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The Fundamentals of Designing Sound to Picture

Sound is, at its best, in service of the story.

Filmmaking is an extremely powerful art form. Major budget motion pictures are grand-scale collaborative efforts. Each and every name listed once the credits roll has played a part in creating a world designed to draw in the audience, emotionally-speaking.

Every detail — each word, costume, and sound is important in developing this world. While it’s essential to have a comprehensive understanding of the technology we use when designing sound for visual media, it’s all for naught if one doesn’t appreciate storytelling, emotion and the art of engaging an audience. When tasked with designing sound for picture, I am more concerned with sculpting sounds that work in concert with the visuals and the story, than ones that display my technical prowess.

I always strive for authenticity when designing sound. If I’m working on a scene that takes place in another country and we see or hear an ambulance siren, I conduct research to find out what ambulance sirens actually sound like in that country. If a character is getting into their dilapidated car, I’m going to hunt down car door sounds with some creak and rattle to them. These details matter — EMT workers from countries other than my own love movies too, and we risk not achieving the all-important suspension of disbelief by choosing the wrong ambulance sound. How are we supposed to feel badly for the character who’s climbing into their battered, broken-down car if the driver’s side door sounds crisp and expensive like that of a Porsche? These details are what draw audiences into the worlds we construct and allow our audience to feel empathy for the characters we create.

The Importance of Frames

When we experience our favorite movie or TV show, what we’re actually witnessing is a rapid-fire series of images, also known as frames. A sound designers’ role is to craft a sonic foundation that compliments this fluid succession of frames. Understanding how to use technology to “access” each and every frame of the project you’re working on, so you can then make careful decisions as to which sound or sounds belong married to these pictures, is essential.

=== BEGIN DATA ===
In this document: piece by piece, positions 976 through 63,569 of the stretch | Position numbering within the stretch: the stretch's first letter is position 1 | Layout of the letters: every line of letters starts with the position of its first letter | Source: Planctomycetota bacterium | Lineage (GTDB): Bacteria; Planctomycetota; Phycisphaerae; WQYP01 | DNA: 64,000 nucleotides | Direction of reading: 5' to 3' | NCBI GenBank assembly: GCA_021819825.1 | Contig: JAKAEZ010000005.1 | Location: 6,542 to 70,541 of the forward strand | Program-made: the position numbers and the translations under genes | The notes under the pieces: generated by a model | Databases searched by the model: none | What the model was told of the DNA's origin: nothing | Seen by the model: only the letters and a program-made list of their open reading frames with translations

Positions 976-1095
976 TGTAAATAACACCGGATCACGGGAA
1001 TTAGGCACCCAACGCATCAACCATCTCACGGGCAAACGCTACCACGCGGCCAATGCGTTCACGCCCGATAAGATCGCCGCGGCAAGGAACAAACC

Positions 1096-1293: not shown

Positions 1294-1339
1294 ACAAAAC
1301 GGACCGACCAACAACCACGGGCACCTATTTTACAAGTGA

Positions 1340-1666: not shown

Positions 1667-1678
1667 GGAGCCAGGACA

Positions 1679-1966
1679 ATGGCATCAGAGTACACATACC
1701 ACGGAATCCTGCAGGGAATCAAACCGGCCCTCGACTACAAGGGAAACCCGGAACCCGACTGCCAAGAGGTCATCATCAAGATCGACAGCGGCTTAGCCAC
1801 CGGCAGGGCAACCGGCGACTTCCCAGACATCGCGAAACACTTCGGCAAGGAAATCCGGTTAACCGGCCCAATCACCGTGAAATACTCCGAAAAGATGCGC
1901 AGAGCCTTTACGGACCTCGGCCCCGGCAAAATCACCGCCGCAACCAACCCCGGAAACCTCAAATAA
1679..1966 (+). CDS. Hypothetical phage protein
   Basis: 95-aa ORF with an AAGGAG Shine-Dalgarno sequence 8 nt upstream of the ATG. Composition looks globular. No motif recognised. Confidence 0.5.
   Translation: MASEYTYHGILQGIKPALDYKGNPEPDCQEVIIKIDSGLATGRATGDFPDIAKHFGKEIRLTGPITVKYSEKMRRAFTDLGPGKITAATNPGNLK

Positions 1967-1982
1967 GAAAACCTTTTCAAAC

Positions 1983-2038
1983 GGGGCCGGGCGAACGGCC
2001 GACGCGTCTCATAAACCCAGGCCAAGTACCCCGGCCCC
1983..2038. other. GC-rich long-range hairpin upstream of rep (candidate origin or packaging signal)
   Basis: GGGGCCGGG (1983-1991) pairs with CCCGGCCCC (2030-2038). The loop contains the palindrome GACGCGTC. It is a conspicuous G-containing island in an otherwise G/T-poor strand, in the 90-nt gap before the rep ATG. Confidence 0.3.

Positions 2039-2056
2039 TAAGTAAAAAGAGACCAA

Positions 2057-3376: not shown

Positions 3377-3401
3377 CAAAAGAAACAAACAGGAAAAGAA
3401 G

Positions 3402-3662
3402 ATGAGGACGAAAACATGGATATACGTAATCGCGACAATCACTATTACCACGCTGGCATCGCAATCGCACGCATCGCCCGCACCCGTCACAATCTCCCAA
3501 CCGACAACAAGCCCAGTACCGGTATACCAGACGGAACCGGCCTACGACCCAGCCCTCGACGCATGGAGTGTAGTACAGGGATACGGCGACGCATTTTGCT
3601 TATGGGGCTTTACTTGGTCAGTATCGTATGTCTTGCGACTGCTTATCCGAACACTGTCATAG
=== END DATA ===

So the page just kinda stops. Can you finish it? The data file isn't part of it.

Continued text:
My DAW of choice for most audio post-production duties is Pro Tools — partially because it’s what I’ve spent the most time using, and partially because it’s an industry standard, and therefore makes file sharing and working in multiple environments easier than most other systems. I know what to expect with Pro Tools and the shortcuts are burned into my muscle memory. I feel as if it’s an extension of my creative mind. When tasked with the job of designing sound for picture, I set up my Pro Tools session as follows:

First, I ensure that the session start time is 00:00:00:00. These numbers represent timecode, with the four pairs of zeroes representing hours, minutes, seconds and frames, respectively.

Next, I load the movie file into my Pro Tools session (the shortcut is shift+option+command+I) and “spot” the video track so that it’s at the appropriate place on the timeline. Generally, I receive video files with timecode “burned in” to the picture, so my goal is to synchronize my session with the video.

Historically, the video will have a countdown leader, and two seconds before the first frame of picture, I’ll place a 1-frame sine tone also known as a “2-pop”. Sometimes, once I’ve placed the video file on the timeline, the timecode rate shows up as red, notating that the timecode rate of the session differs from that of the video, so I’ll change my session settings to match the provided video file. This is essential in being able to establish synchronization or “sync”.

I will then set my grid and nudge values to timecode>1 frame. Now I can use handy shortcuts (+ & -) to quickly toggle between consecutive frames. It’s crucial that they are set to 1 frame, as lesser values would result in needing to hit + or – multiple times, and higher values will skip frames entirely.

This bit of technical work pays off, as the result is being able to quickly see and navigate back and forth between each and every frame. Now, I can see the slight changes that occur between frames with absolute precision, and use this visual information to determine which sounds to employ at each and every moment.

If I’m working on a scene that involves a baseball player hitting a home run, I can nudge to the exact frame in which we see the bat making contact with a ball, and then place the sound effect that works perfectly with the visual. This precision is part of what creates a perfect marriage of sound and image, and draws the audience into the world we are hoping to create. Obtaining and maintaining synchronization is essential in professional workflows, and I strongly recommend learning this skill if you’re interested in working in audio post-production and sound design.

Layers

Picture two giant robots battling. Our protagonist robot is damaged badly and lying helplessly on the ground. The antagonist can sense its opponents’ vulnerability, and plans to go in for the kill — crushing its skull. The brooding antagonist takes three massive steps, leaps, reaches up high in the sky, and its fists come flying down with incredible force. We cut to black briefly … the next thing we see is a closeup of the protagonist robot’s face, entirely intact. Another visual cut reveals he had pulled out a giant sword as his opponent barreled toward him. The antagonist robot sits there, impaled, barely functioning for a brief moment, and then powers down.

I clearly can’t teach you science fiction writing, but what I can tell you is the sound design for a scene similar to what I just described would involve many, many layers of sound. Think of the protagonists’ electrical systems failing, the impact of the giant metal feet making contact with the earth, and the metallic crunch of the giant sword piercing the antagonists’ armor, wreaking havoc on its complex innards.